Thursday, February 17, 2005
score: 4 out of 5
Pinback's latest LP, Summer in Abaddon, begins with muted guitar and bass picking, and quickly jumps into a midtempo jam, courtesy of a snare and high-hat combination. This track by the West Coast-based postmodern indie pop/rock duo is titled 'Non-Photo Blue', and marks the emergence of the act's first full-length album since 2001's Blue Screen Life. Released in the fall of 2004 as the follow-up to a 2003 EP, Pinback's Summer in Abaddon is a smooth, reflective sort of album, which plays on the band's quiet side. Although Pinback actually consists of a changing lineup of musicians, it is the steady partnership of the multitalented Armistead Burwell Smith IV and Robert Crow that has consistently produced critically-acclaimed albums since the late 90's.
Pinback's math-rock sound could potentially be categoried if one mixed together Modest Mouse and Death Cab for Cutie. On this release, Pinback relies less on their previous electronic attributes, and focuses more often on crisp, delicate acoustic piano and guitar structures.
This delicacy becomes apparent early on, as the opening jam glides into the mellow sounds of 'Sender.' Instead of track one's syncopated vocals, 'Sender' is sung at a near-whisper over the group's signature acoustic guitar + bass-heavy rhythms formula. The whole album is presented as a moderately paced collection, however there is something sluggishly deep and atmospheric to the overall production. Music to ponder to if you will. Songs about lazy summer days. Shy and mysterious, the album's intricate, ethereal qualities emerge upon closer examination. The album achieves thoughtfulness, and doesn't focus on trying to be catchy...even though it definitely is in its own subtle way.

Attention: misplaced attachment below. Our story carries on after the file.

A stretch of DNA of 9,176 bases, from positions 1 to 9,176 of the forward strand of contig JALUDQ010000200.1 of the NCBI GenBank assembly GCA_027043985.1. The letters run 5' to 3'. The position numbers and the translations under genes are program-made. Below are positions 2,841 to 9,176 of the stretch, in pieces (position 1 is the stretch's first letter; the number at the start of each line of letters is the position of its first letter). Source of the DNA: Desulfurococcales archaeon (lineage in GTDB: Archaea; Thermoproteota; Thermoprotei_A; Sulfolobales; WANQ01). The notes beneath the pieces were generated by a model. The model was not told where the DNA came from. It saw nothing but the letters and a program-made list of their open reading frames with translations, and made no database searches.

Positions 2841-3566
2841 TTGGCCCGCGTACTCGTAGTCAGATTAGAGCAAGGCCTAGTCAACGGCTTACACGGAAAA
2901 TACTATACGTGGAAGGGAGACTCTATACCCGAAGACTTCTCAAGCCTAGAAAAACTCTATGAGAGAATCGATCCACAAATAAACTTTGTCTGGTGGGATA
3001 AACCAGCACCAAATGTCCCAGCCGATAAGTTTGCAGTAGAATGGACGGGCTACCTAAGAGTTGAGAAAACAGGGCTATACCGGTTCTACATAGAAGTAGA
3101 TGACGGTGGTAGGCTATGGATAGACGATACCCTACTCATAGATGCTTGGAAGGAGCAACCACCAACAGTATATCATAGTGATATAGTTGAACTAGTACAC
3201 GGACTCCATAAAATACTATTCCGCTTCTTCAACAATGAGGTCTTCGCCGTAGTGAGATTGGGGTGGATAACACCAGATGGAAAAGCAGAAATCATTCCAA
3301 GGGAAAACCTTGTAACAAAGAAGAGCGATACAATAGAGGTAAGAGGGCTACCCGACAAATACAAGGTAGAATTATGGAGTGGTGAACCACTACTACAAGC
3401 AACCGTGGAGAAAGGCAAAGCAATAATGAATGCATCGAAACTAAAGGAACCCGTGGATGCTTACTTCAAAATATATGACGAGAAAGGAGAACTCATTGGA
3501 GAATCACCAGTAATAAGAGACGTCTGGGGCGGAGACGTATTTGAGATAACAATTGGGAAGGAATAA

Whether it is the bouncy chorus of 'Fortress' , or the soft cooing "uh oh"s of 'This Red Book', Pinback delves into the mysterious subconscious with sophistication and charm. On 'The Yellow Ones', the tempo slows and pulsates, with space-age quirks floating in the background of a sturdy piano accompaniment. The elusive vocals swirl around in soft circles with lyrics such as "I feel my head. going down again. I feel my head. going down again."
Just as the listener has almost been soothed completely to sleep, the final track "AFK" comes along, building upon pounding drums and chantings to create one of the disc's heaviest songs. This summit is reached about halfway through the song, and the final couple of minutes drive off into the setting sun - leaving the final words trailing off into the distance:
"Miles and Miles of telephone poles.
Fallen and tossed around.
I can't talk to you anymore...and I miss you.
Not in a slint way...but I miss you..."
Posted by Tae at 2:10 AM